Prefer your weakness over your strength: If you have a long training history with a specific method of exercise or are just naturally talented in some areas but not others, you can probably afford to prefer or replace days that focus on your strengths with days that focus on your weakness. Again, I will start by keeping you as close as possible to original programming and slowly move you away.
Example 1: If you have a strong squat but a weak overhead squat and Example 1 did not work, I may have you warm-up to your back squat work with heavy overhead squats. This will hurt your back squat number, but that is a strength and you are trading that training stimulus for work on OHS. If that results in over training the squat, I would replace the back squat with the OHS until it comes up to par. I would also consider replacing every other deadlift workout with an OHS workout as I find you don’t need to DL as much as you might think to improve.
Example 2: You used to be a runner. However, you suck at rowing. Replace running with rowing in WODs.
Example 3: It will not always be as clean as replacing one kind of squat with another kind of squat or changing running out for rowing. If you are a strong runner but weak, it may be best to replace running days with heavy lifting or oly practice. Similarly, if you are a former power lifter, you can probably afford to switch out some deadlifts with power cleans, or even bodyweight work.
Depending on the individual, the specific manner in which each of these examples are implemented would look different.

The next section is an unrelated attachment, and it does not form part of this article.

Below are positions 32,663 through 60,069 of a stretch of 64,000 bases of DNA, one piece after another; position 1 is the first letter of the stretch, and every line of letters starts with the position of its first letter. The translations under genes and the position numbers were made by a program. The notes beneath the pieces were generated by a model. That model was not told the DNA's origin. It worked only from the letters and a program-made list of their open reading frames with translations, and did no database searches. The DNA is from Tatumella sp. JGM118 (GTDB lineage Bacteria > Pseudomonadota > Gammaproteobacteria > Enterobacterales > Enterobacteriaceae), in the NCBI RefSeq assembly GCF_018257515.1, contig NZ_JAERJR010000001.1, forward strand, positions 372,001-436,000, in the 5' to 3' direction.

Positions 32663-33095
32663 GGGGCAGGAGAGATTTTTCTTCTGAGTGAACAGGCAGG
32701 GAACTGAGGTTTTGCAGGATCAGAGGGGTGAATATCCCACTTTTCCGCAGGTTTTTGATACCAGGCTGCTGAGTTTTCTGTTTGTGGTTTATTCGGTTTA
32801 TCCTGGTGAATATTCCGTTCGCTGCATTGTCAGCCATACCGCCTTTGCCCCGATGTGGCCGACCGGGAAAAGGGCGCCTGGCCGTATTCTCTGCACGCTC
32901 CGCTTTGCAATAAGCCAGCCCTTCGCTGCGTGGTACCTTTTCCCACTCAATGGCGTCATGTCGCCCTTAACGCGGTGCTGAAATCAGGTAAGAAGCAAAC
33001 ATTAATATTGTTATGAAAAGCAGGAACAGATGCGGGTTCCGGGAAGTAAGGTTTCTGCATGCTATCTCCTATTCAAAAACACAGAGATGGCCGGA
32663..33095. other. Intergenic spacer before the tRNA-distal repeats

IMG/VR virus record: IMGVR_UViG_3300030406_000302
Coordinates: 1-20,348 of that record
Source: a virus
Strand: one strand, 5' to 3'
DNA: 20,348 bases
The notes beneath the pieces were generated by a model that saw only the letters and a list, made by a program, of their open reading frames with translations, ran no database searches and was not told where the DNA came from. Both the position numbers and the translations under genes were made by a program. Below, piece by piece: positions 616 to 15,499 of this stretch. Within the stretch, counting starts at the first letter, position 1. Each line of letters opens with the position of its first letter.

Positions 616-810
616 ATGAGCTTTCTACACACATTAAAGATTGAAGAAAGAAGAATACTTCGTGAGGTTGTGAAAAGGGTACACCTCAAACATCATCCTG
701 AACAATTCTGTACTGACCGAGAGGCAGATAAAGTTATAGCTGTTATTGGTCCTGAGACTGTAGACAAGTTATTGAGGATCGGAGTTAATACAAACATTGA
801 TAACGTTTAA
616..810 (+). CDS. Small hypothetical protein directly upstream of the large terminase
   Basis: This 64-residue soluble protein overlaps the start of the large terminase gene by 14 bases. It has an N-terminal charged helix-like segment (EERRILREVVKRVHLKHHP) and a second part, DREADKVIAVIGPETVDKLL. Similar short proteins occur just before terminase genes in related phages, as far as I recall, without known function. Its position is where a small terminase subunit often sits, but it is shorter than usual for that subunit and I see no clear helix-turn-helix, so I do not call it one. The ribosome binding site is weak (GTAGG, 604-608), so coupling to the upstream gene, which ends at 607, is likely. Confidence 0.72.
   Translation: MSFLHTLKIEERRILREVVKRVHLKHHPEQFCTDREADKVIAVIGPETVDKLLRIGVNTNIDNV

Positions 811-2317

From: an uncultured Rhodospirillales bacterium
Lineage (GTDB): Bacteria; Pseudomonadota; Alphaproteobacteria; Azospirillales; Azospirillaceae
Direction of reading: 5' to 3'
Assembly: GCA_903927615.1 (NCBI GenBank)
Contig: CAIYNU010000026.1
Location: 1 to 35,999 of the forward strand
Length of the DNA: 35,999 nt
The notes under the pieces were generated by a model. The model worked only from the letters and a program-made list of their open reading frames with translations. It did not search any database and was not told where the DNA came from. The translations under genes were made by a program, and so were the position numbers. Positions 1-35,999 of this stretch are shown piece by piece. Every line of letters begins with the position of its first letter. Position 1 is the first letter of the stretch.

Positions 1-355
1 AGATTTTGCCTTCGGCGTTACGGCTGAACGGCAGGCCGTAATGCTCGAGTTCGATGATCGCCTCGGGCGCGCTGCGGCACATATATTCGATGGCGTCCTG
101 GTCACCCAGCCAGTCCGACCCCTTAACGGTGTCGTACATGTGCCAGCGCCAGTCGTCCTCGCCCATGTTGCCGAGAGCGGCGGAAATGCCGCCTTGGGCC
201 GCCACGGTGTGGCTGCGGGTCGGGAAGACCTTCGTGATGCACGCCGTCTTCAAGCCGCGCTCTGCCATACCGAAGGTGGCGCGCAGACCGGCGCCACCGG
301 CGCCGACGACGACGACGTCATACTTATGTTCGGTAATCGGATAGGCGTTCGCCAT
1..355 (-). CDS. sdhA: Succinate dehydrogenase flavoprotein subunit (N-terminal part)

DEFCON 1: You have to pass a specific physical fitness test, you are about to run a race, you are competing in a weightlifting competition, or you are so painfully bad that all of your training on your weaknesses is undone with the smallest amount of additional work. THIS IS RARE! I have tried this twice and in both cases I think I would have been much smarter if I had tried one of the above options. But it happens. Understand that we usually are reducing your overall fitness for the sake of passing a test or winning a sport.
Example 1: You want to compete in an oly competition. With years of conditioning under your belt and a solid CrossFit foundation, you are in good shape but have stalled on your lifts. A few months out we will cut your CF training by probably 80% and replace it with an oly progression designed to peak at competition time (or more than a few months depending on schedule and your competencies).
Example 2: You have to pass a PT test. While you are very strong, the military has made the oh-so brilliant decision that being strong isn’t as important as being able to do 100 push-ups and run 1.5 miles in shorts and tennis shoes. In order to spend sufficient time to make you competent at these movements we will need to sacrifice some of your training and put you on a few running and push-up progressions. In the long run you would have done better by just doing CrossFit, but if you only have a month, you only have a month. We work with what we have.
You have been skinny your whole life. Really skinny. Maybe you are a recovering cyclist. Your strength levels are so low you can’t practice many of the movements in CrossFit and scaling dramatically doesn’t seem to produce the stimulus or intensity that we need. We have increased your food intake, but you shed weight so efficiently that small amounts of conditioning strips the muscle right off of you. Radical intervention is required. We might reduce your training volume and put you on a dedicated strength program and a LOT of food.
As I stated in Part II, 99% of you don’t need ANY of these interventions. Of the remaining 1%, 99% of you don’t need to reach DEFCON 1. Yet somehow I see people rush to this rather quickly. This is a long journey and people need to be patient with results. Don’t believe me? Tell me your problems I will help prescribe a solution. I’ll bet it rarely involves more than small tweaks to your programming. Hit me with your best shot.